View of Palitana
|Elevation||66 m (217 ft)|
|• Official||Gujarati, Hindi|
|Time zone||IST (UTC+5:30)|
Palitana is considered to be the most sacred pilgrimage for Jains as Lord Adinath the first thirthankar of jains climbed this mount 99 times as it was a very pure place and he used to meditate under the tree Raayan. it is said that at the time of lord this mount was 10 times bigger but as generations come down ,this mount also came down in its size as a result of increase in sins. Lord aadinath attained salvation at this mountain and many others(uncountable) there is a main aadinath jinalaya(temple_ on the mount.
As a princely state, founded in 1194 (one of the major states in Saurashtra, where there were many smaller states, Palitana covered 777 km² and had 58,000 inhabitants (in 1921) in 91 villages, generating a 744,416 Rs revenue.
In 1656, Shah Jahan's son Murad Baksh (the then Governor of Gujarat) granted the village of Palitana to the prominent Jain merchant Shantidas Jhaveri. The management of the temples was assigned to the Anandji Kalyanji Trust in 1730.
Palitana used to be a native state of India in the Kathiawar Agency of the Bombay presidency. Area, 289 sq. m.; pop. (2011), 150,000, showing a decrease of 15% in the decade. The chief was a Gohil Rajput, with the title of Thakur Sahib. Gross revenue, £42,000; tribute jointly to the Gaekwar of Baroda and the Nawab of Junagadh, £700. The capital of the state is Palitana; pop. 12,800. It was ruled by a Thakore sahib (also spelled Thakor Saheb), enjoying a 9-guns salute, of the Hindu Gohel dynasty, which received a privy purse of 180,000 Rupees at the state's accession to independent India on 15 February 1948.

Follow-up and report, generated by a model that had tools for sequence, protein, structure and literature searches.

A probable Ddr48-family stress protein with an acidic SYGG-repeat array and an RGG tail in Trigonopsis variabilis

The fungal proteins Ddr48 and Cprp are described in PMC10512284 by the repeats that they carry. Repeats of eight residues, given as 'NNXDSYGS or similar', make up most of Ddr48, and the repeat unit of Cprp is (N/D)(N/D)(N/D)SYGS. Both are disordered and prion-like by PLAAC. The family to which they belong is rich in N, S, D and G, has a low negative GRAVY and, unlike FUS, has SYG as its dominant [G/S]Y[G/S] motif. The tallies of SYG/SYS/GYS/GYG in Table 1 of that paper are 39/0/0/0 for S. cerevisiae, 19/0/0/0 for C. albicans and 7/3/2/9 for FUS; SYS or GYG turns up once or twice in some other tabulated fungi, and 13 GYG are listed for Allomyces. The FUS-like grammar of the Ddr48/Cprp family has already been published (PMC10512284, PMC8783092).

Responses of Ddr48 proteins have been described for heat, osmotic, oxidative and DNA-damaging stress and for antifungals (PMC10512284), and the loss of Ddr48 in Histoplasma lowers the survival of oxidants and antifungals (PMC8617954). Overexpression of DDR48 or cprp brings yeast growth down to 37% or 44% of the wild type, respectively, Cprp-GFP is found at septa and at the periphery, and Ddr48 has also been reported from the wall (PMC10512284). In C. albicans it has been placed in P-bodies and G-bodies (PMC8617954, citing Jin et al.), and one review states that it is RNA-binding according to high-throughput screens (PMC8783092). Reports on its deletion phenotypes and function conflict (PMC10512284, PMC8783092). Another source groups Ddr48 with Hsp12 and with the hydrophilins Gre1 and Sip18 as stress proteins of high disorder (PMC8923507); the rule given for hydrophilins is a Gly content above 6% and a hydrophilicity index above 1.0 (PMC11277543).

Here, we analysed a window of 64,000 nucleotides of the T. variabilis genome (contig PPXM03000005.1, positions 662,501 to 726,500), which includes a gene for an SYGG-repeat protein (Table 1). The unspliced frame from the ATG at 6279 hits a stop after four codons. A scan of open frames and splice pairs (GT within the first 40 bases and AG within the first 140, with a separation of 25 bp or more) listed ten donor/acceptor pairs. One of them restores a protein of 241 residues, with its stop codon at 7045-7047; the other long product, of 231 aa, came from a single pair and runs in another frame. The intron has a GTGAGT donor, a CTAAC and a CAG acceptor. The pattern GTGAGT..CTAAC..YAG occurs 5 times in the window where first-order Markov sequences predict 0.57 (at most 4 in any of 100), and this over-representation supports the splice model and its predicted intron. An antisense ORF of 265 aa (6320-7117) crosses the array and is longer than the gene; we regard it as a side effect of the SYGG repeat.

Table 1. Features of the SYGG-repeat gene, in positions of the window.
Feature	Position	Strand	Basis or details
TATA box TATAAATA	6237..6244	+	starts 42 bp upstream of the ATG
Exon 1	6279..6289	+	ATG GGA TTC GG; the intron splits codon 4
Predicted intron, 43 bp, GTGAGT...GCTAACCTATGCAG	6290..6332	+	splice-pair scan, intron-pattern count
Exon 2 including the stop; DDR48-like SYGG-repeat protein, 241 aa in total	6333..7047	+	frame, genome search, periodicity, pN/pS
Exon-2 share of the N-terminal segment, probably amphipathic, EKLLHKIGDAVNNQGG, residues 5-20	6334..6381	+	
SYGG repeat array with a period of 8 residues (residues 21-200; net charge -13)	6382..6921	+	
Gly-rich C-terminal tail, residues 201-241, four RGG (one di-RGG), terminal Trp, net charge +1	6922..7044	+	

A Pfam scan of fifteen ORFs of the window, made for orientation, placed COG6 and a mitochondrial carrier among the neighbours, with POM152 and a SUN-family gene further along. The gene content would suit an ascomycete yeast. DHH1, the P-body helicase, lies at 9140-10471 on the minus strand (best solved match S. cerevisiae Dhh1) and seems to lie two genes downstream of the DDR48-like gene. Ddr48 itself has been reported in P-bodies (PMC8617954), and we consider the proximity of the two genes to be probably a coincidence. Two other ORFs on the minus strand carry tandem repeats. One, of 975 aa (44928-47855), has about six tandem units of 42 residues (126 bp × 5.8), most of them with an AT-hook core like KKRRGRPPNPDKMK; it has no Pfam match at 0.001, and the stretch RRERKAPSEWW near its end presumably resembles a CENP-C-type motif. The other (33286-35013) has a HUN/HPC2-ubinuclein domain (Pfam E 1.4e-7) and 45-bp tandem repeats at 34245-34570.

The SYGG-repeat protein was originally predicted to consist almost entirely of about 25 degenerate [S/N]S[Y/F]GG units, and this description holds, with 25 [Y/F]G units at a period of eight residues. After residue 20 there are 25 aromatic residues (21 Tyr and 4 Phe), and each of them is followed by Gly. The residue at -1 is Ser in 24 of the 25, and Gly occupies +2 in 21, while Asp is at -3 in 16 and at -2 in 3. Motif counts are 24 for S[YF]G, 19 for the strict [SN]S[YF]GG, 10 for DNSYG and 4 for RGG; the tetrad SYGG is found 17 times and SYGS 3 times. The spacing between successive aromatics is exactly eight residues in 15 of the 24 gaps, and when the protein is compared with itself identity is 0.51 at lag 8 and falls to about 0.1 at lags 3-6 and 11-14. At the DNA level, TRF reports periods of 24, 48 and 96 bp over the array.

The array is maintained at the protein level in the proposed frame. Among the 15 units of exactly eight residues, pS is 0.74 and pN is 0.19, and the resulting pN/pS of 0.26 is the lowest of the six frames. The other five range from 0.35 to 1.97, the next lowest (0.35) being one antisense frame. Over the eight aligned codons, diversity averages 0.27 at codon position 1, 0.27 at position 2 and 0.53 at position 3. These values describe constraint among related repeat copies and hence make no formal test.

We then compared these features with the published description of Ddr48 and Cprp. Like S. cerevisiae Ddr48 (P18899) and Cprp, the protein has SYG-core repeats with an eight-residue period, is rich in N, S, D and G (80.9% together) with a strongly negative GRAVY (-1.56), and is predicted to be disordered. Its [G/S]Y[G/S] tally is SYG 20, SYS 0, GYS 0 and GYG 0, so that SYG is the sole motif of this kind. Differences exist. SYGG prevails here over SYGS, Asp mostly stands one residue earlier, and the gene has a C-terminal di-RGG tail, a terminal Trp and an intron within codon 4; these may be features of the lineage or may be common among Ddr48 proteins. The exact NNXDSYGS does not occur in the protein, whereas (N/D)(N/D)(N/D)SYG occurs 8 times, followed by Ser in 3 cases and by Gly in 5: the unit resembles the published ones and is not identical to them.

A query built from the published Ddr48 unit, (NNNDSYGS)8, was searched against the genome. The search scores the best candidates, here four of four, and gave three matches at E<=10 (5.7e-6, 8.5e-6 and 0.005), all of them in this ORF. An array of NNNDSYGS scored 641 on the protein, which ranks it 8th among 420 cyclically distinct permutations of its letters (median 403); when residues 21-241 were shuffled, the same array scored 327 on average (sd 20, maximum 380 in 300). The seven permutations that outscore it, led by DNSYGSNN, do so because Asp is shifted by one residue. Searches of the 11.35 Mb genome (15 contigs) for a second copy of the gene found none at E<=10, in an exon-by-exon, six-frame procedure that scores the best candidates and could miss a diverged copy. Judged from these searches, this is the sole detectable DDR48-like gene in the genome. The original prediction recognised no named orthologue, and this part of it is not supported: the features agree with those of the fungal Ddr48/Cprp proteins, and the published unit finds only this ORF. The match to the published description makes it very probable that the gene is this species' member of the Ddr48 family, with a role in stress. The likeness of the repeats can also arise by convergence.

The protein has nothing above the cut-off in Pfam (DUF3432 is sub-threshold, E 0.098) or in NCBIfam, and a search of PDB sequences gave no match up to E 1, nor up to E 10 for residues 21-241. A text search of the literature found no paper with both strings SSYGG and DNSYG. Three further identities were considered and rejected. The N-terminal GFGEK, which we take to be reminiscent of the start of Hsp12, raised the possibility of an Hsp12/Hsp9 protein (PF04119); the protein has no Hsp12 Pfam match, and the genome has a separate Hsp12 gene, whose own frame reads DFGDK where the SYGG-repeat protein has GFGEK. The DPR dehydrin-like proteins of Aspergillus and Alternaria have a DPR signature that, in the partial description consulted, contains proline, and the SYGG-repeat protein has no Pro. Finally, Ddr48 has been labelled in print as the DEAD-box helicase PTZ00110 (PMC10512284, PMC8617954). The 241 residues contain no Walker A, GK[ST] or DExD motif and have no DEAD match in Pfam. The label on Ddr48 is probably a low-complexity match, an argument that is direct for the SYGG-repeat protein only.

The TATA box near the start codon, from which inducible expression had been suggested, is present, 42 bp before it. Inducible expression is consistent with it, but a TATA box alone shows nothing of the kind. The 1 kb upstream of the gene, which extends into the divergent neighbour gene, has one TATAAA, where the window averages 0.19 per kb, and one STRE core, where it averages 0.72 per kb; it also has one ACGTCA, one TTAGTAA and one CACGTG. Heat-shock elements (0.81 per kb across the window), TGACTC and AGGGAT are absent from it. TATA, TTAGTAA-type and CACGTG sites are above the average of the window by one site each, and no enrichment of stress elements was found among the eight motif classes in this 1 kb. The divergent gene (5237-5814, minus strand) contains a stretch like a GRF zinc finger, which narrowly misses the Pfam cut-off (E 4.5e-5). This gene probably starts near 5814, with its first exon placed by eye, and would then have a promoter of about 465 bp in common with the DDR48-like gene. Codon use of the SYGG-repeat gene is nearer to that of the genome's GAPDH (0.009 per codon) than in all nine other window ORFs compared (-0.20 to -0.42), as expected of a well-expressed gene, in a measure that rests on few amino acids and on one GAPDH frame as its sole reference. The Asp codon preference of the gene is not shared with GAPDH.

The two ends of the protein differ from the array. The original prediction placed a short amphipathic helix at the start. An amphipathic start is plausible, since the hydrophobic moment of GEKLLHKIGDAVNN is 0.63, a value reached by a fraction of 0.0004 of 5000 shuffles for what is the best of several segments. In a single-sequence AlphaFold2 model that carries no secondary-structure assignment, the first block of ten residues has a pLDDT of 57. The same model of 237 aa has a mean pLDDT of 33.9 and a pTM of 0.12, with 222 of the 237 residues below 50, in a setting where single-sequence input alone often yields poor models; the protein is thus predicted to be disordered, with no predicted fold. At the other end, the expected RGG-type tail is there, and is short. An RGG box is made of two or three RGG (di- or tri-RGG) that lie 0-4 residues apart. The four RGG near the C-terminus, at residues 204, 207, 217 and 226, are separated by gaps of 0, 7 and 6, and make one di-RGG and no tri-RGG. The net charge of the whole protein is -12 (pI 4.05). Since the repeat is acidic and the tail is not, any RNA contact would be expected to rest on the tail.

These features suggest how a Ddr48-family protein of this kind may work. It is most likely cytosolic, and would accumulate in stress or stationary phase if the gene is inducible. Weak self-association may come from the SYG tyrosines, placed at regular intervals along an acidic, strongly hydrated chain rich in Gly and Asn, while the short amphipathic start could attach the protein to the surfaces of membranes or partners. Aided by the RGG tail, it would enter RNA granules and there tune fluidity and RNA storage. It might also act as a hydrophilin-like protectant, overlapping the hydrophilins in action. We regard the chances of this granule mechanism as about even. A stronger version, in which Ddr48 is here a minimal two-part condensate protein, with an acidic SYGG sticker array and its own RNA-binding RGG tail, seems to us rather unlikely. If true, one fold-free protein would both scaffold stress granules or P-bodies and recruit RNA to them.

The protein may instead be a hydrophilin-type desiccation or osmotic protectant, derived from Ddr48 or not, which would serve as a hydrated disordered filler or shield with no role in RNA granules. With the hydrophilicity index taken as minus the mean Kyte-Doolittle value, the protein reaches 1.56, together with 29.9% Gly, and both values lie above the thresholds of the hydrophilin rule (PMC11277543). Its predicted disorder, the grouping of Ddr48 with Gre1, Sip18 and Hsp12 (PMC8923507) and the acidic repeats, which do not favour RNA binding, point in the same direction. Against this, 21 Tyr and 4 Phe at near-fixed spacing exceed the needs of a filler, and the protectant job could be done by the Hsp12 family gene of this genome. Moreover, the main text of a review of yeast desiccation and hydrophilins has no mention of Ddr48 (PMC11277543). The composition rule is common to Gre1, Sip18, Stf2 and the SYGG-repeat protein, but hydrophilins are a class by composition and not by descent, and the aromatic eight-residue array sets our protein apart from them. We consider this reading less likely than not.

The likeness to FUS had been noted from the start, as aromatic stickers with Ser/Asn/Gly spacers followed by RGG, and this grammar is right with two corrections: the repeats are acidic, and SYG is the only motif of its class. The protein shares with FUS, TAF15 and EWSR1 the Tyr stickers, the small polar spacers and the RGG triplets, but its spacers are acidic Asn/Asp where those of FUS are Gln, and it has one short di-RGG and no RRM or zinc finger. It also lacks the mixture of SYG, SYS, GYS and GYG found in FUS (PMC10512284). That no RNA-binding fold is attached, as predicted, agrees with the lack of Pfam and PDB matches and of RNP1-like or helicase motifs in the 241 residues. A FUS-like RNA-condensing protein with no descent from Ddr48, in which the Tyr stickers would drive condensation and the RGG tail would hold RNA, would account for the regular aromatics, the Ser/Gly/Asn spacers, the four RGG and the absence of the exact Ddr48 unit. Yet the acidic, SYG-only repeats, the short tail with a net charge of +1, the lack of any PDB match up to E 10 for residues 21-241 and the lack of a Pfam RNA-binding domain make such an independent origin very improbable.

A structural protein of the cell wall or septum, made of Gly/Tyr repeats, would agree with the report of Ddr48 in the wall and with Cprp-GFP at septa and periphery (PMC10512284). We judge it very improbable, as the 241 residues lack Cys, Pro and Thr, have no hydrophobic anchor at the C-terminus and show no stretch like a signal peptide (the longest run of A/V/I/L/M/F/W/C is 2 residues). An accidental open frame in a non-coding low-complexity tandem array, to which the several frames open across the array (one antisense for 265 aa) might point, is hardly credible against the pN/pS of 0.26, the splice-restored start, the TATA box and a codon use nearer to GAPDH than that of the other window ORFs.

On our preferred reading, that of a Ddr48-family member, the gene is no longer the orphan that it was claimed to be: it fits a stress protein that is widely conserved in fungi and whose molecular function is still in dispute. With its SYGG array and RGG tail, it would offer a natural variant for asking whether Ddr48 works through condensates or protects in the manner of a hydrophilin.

Palitana is located at  It has an average elevation of 67 metres (219 feet)..
Palitana is the world’s only mountain that has more than 900 temples. The Palitana temples and whole mountain are considered the most sacred pilgrimage place (tirtha) by the Jain community, and is the world's largest Temple Complex. There are more than 3000 temples located on the Shatrunjaya hills, exquisitely carved in marble. The main temple on top of the hill, is dedicated to 1st tirthankar lord Adinath (Rishabdeva). On the top the Shatrunjai Hill is a cluster of Jain temples, built by generations of Jains over a period of 900 years, from the 11th century onwards. The temples are managed by the Anandji Kalyanji Trust associated with the Kasturbhai Lalbhai group. From the foot of the hill to the top there are 3,800 and odd stone steps cut to facilitate climbing.
The temples are exquisitely carved in marble, veritable prayers in stone. To an observer, these appear to be ivory miniatures when seen from a distance. Created by master craftsmen, the most important temple is that of the first teerthankara, Shri Adishwar. It has ornate architectural motifs, though in its overall plan it is simpler than the Choumukh. Other notable temples are those of Kumarpal, Vimalshah and Sampriti Raja. Kumarpal Solanki, a great Jain patron, probably built the earliest temple. The temple has a fabulous collection of jewels, and these can be seen with special permission. The temples date from 11th to the 20th century.